Continuous processing offers a variety of advantages over batch processing, which is why most commodity chemicals are produced in a continuous manner. This method allows for tight control of process conditions, resulting in consistent product quality, often with improved yield and selectivity. Additionally, continuous processing enables access to more extreme reaction conditions, such as flash conditions, as it permits rapid heating and cooling and can handle high pressures. Furthermore, reactions involving hazardous intermediates can be managed more safely due to the smaller hold-up volume compared to batch processing. Operating costs are also lower for continuous processes, as setup time and labour are minimal in comparison.

However, developing a continuous process currently requires more effort in research and development. This is partly due to the absence of specialised equipment and expertise in many laboratories and pilot facilities. The landscape is changing, though, as a growing number of scientists graduate from academic institutions with relevant expertise, and commercially available flow equipment becomes more accessible for numerous unit operations.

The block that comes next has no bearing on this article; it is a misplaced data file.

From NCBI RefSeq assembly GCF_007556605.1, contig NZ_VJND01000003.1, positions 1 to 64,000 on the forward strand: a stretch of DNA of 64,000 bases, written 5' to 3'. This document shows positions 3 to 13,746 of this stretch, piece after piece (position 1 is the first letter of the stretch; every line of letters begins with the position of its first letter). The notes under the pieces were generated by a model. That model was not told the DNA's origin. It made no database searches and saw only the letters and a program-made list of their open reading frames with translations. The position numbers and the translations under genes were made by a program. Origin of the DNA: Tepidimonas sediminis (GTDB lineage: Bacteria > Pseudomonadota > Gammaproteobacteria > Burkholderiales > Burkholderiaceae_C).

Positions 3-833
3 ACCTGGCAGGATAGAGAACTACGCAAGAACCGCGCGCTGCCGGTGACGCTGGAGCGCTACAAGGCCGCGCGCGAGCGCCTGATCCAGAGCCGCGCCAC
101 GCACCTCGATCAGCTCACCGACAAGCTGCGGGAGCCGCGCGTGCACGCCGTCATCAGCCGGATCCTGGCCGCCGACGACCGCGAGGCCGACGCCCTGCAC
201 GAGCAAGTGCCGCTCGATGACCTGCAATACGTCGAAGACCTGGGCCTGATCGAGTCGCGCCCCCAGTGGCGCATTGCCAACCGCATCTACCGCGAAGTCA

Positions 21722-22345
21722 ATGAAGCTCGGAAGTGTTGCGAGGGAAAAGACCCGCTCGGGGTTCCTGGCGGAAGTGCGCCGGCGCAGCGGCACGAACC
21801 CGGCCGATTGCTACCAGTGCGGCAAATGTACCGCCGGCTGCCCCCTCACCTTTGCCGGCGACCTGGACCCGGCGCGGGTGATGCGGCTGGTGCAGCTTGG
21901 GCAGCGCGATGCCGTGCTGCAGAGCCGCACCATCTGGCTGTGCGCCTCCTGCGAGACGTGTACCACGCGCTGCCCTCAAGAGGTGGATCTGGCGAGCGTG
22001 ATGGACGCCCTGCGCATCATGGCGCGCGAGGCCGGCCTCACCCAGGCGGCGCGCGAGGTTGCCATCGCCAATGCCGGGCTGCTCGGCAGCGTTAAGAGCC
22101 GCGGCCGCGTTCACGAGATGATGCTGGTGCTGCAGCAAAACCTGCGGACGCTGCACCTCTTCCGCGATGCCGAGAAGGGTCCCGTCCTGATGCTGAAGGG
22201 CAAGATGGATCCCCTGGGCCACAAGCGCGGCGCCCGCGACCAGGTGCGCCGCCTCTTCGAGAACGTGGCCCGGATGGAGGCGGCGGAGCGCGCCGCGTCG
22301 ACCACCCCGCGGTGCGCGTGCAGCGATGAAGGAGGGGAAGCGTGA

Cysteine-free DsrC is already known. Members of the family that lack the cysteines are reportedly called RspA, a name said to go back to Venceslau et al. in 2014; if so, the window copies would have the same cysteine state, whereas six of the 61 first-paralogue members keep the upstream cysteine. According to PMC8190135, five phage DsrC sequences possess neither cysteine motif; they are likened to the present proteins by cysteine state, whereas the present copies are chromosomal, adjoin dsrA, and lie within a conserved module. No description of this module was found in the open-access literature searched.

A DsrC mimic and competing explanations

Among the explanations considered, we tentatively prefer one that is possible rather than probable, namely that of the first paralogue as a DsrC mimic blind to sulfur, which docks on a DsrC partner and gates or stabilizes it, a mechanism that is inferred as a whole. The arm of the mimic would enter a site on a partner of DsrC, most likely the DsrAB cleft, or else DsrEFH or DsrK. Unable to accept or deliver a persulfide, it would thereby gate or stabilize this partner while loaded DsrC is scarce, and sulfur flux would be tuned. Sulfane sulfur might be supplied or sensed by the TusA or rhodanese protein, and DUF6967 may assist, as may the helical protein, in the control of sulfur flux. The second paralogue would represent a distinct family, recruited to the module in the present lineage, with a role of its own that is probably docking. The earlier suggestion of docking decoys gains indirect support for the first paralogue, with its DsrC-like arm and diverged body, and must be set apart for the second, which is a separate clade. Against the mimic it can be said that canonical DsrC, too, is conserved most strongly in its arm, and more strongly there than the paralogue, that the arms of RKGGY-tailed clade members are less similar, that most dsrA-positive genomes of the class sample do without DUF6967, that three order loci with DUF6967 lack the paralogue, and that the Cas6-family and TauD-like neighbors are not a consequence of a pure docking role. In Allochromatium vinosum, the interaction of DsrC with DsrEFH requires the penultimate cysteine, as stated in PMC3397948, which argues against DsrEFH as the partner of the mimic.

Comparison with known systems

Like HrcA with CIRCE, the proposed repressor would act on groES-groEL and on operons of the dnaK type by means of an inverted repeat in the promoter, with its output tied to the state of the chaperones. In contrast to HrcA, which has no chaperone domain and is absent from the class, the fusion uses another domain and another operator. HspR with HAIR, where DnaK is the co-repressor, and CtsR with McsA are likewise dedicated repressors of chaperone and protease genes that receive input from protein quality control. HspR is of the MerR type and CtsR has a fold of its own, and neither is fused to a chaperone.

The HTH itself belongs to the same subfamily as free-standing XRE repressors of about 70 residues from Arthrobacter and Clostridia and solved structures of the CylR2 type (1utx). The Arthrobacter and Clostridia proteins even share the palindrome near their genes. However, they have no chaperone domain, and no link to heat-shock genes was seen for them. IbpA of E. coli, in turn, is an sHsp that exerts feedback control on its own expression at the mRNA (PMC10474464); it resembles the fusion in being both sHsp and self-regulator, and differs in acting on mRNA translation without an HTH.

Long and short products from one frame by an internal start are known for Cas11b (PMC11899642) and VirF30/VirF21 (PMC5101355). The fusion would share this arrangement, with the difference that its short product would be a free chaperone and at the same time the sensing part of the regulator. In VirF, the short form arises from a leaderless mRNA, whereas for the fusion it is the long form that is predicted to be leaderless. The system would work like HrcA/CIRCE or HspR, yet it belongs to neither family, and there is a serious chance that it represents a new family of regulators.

Key UK companies at the forefront of this advancement include Uniqsis, Syrris, and Vapourtec, offering modular building blocks including benchtop flow reactors, pumps, back pressure regulators, and product collectors. AM Technology and NiTech are also playing significant roles in this evolving field, with advancements in digital technology complementing flow technology and helping to facilitate integration into industry.

Nevertheless, we understand that managing this transition within established industrial research and development organisations remains challenging. In our view, successful adoption relies on clearly communicating a business need and opportunity that justifies significant investment in new assets.

Our partnership aims to address the challenges of implementing new flow technology across the entire industrial research and development workflow, encompassing laboratory, pilot, and production scales

Setting up a modular flow chemistry process

Value of flow chemistry for commercial deployment